The title says it all, really. Reading through Reed & Simon's book on functional analysis, I have now reached the chapter on topological spaces, and the notion of a net is introduced there to handle things that 'sequences' can't quite manage. It's just not clear to me why it should be called 'net'. I'm interested in this since it may help me develop my intuition for the concept.
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Imagine an actual net, like a fishing net, lying on the floor. Grab it by one vertex, and lift until the net is no longer touching the floor. The vertices of the net represent a partially ordered set. In this example, the maximum element of the partial ordering is, of course, the vertex that your fingers are holding. Now delete the vertex that your fingers are holding. The idea is that what's left is a cofinal partial ordering.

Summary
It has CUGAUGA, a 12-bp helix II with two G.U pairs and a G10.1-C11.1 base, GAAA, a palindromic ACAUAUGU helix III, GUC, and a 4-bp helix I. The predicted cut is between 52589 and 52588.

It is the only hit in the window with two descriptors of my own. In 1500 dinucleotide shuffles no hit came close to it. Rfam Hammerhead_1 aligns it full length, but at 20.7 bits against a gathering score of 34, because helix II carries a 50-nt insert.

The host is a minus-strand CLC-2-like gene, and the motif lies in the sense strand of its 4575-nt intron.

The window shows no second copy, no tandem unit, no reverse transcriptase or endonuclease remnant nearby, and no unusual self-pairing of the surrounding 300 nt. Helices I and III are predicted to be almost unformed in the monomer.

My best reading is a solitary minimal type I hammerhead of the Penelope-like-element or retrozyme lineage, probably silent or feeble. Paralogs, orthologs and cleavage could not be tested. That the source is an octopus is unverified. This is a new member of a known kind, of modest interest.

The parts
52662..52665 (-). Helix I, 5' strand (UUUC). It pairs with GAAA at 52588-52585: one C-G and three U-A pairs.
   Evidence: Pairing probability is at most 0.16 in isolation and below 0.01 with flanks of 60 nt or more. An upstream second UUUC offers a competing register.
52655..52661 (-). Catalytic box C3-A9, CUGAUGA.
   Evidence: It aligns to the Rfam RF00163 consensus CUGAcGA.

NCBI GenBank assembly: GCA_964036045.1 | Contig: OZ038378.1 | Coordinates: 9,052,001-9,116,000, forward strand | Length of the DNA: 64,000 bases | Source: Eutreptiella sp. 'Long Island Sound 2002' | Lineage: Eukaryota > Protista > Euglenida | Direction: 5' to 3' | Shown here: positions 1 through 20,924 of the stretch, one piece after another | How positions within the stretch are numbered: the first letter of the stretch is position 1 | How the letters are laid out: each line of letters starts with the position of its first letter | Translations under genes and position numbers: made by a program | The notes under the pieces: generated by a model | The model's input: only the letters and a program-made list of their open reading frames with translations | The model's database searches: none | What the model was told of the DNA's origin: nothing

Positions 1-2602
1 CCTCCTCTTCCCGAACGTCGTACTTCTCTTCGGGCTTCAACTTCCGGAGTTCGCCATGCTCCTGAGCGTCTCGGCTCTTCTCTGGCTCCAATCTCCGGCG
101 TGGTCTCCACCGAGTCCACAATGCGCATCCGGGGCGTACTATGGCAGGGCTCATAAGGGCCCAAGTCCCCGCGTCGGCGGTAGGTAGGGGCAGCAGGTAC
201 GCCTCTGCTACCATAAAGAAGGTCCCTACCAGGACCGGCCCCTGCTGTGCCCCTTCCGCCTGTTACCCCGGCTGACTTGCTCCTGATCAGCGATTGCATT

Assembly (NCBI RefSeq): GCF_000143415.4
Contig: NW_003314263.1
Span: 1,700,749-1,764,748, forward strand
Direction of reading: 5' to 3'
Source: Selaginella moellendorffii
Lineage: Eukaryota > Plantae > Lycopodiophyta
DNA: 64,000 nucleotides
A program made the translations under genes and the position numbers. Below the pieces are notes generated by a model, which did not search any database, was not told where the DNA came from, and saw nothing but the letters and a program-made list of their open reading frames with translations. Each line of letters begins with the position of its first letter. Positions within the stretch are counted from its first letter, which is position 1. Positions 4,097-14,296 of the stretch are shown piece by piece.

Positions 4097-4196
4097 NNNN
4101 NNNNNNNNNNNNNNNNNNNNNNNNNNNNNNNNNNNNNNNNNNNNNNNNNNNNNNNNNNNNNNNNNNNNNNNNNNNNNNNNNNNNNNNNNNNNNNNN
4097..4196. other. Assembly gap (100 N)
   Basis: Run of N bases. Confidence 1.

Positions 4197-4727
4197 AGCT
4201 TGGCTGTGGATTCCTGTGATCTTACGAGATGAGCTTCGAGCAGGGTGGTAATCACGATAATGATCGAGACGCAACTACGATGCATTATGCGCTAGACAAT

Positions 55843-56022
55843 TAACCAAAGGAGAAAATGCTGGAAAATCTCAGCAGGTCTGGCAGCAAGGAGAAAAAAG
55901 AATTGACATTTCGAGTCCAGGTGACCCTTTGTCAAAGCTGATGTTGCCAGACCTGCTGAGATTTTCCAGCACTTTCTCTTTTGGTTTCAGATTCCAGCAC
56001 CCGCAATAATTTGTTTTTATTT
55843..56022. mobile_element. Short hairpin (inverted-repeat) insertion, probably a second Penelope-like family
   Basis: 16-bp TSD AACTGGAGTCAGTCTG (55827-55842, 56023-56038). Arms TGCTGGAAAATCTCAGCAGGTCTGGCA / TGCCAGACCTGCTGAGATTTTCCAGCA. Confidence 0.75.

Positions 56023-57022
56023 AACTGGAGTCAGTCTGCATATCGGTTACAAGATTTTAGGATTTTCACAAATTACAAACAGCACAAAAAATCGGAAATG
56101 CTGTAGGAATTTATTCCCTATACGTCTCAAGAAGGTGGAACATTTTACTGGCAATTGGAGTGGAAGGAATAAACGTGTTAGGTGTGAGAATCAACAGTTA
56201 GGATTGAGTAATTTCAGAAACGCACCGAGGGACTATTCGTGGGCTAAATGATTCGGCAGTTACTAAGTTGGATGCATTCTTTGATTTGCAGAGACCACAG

A net is just a function defined on a cofinal partially ordered set. Most often that set is the natural numbers, but not always.
Nets and filters in real life are essentially the same things: a way to catch things. Likewise in topology, they both "catch" points of convergence. From a net, one easily defines a filter (the filter of sets the given net is "eventually in"). From a filter with the help of the axiom of choice, one finds a net by choosing elements from each set in the filter, and letting the filter itself serve as the set of indices. Convergence of a filter is the same as convergence of any of its related nets, and vice versa. So a net is rather like a filter for which we have decided where to put the "knots".
If you accept the idea that "filter" is a good name for that concept, "net" makes sense, too.